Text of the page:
Word has it that a disgruntled player with limited playing time (need I go on), filed a complaint that Arnold was using excessive punishment. Specifically that players who missed mandatory meetings or classes had to run 5 miles at 5:00a.

Is there a problem?

If a student receives financial aid in the form of a scholarship, aka free money, then there are some different standards that need to be upheld. First and foremost is that they attend their classes. Last time I heard, this was sort of the norm for any college student – sign up for a class, attend class.

As an NCAA student-athlete, your scholarship comes from the athletic department. Which means the head coach, who is paid to win and ensure that his players are model student-athletes, generally has some basic high priorities – recruit good athletes, win, and do the best to ensure that they have the opportunity for a good education. So if Arnold gives a scholarship to a player who is not following the rules, a scholarship that could have gone to someone else, he has a ton of authority to execute his level of discipline. Arnold also has an obligation to play the best players to win.

So if this player sits on the bench and does not like it, AND doesn’t attend classes, he can be relieved of the need to wake up at 5:00a, and he can turn in his uniform on his way out.


Would I skip the All-Star Game…yes, if I were Jeter


Yankee All-Star Derek Jeter

Derek Jeter just got his 3,000th hit in a 5-for-5 game and was on top of the baseball world.  Now he is getting reemed for passing on the All-Start game.  There is the tradition, the World Series home field advantage, and the honor of being selected that is all being thrown at the Yankee captain.  How could he, of all people, one of the good guys in professional sports, who seems to do everything right, skip this time honored tradition and let the fans down?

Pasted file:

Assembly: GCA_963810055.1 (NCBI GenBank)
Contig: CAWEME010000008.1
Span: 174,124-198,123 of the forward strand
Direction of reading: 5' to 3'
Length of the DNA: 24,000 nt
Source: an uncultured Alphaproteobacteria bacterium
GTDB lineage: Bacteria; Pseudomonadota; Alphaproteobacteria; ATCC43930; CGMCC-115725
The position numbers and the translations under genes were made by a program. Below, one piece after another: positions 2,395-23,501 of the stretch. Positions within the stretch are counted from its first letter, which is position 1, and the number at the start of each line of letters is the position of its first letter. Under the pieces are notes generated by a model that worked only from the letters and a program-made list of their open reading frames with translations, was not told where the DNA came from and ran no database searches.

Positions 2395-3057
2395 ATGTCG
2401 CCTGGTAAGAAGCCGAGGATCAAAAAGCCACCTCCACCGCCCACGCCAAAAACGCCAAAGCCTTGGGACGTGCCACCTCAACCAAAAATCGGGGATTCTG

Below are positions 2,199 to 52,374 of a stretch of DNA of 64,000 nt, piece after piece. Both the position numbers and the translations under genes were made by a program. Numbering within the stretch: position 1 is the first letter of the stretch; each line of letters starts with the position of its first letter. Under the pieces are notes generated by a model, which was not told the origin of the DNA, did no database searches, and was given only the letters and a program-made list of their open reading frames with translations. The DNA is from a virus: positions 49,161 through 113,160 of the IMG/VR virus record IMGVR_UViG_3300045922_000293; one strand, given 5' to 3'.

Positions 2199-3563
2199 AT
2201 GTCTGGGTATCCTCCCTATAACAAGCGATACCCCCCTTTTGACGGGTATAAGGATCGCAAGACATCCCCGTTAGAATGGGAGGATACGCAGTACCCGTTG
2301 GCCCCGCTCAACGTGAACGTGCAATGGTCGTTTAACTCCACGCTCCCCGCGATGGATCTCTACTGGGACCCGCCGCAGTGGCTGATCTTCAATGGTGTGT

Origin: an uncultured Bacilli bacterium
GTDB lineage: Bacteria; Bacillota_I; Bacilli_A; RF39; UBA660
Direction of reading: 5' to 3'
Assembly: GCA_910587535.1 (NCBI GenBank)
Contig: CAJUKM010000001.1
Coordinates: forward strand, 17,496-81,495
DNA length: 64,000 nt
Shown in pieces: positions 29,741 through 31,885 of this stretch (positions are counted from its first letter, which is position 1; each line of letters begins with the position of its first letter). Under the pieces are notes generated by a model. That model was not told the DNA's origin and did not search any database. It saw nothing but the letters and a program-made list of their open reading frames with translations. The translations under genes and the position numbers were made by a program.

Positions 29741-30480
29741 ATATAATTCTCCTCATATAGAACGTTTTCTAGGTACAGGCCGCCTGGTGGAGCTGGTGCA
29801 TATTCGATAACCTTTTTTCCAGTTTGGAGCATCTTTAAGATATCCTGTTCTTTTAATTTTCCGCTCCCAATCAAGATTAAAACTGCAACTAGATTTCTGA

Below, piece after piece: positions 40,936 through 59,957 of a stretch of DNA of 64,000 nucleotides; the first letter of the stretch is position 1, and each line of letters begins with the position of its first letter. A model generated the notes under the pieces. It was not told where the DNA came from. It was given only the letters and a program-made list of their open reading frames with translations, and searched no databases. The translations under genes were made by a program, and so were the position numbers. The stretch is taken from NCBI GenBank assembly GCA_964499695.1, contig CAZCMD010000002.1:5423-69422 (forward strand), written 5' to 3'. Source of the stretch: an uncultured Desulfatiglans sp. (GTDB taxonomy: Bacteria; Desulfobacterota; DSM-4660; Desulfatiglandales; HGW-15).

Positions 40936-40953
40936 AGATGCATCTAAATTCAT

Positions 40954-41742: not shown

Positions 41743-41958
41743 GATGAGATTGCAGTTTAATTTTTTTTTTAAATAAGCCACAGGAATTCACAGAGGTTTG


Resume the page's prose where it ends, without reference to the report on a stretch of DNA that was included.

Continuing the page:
I’d do it if I were him.

Yes, I do agree that he is letting down the fans especially after his milestone accomplishment.  Unlike the Pro Bowl where fans want to see the Super Bowl players, the NHL, NBA, and MLB all-star games have fans just wanting to see the stars and the guys who are hot and in the news.

But Jeter is tired.   And first and foremost, he is a Yankee and he wants to do what is best for the team.  He is a veteran player who has had to endure the added stress and preoccupation of getting #3,000 for this first half of the season.  He has endured injuries which caused him to miss games and added to the pressure.  Do you think he would want the time off?

The game being in Arizona doesn’t help.  The thought of traveling across the country on Monday, play an inning or 2 on Tuesday, then traveling back to Toronto to catch up with the team for their next game on Thursday, I’m sure weighed in on the decision.  Time is better spent staying at home, resting his calf and veteran body, and preparing for the final push in the 2nd half of the season.

Do players get paid a lot? Yes.  They also do not get any days off.  In June the Yankees had only one day off in which they were not either playing a game or traveling from California or Cincinnati.   Most months are similar.  Then throw in the promotional work, charity appearances, and other demands that would fall on the lap of a superstar like Jeter, and that leaves little time for anything else.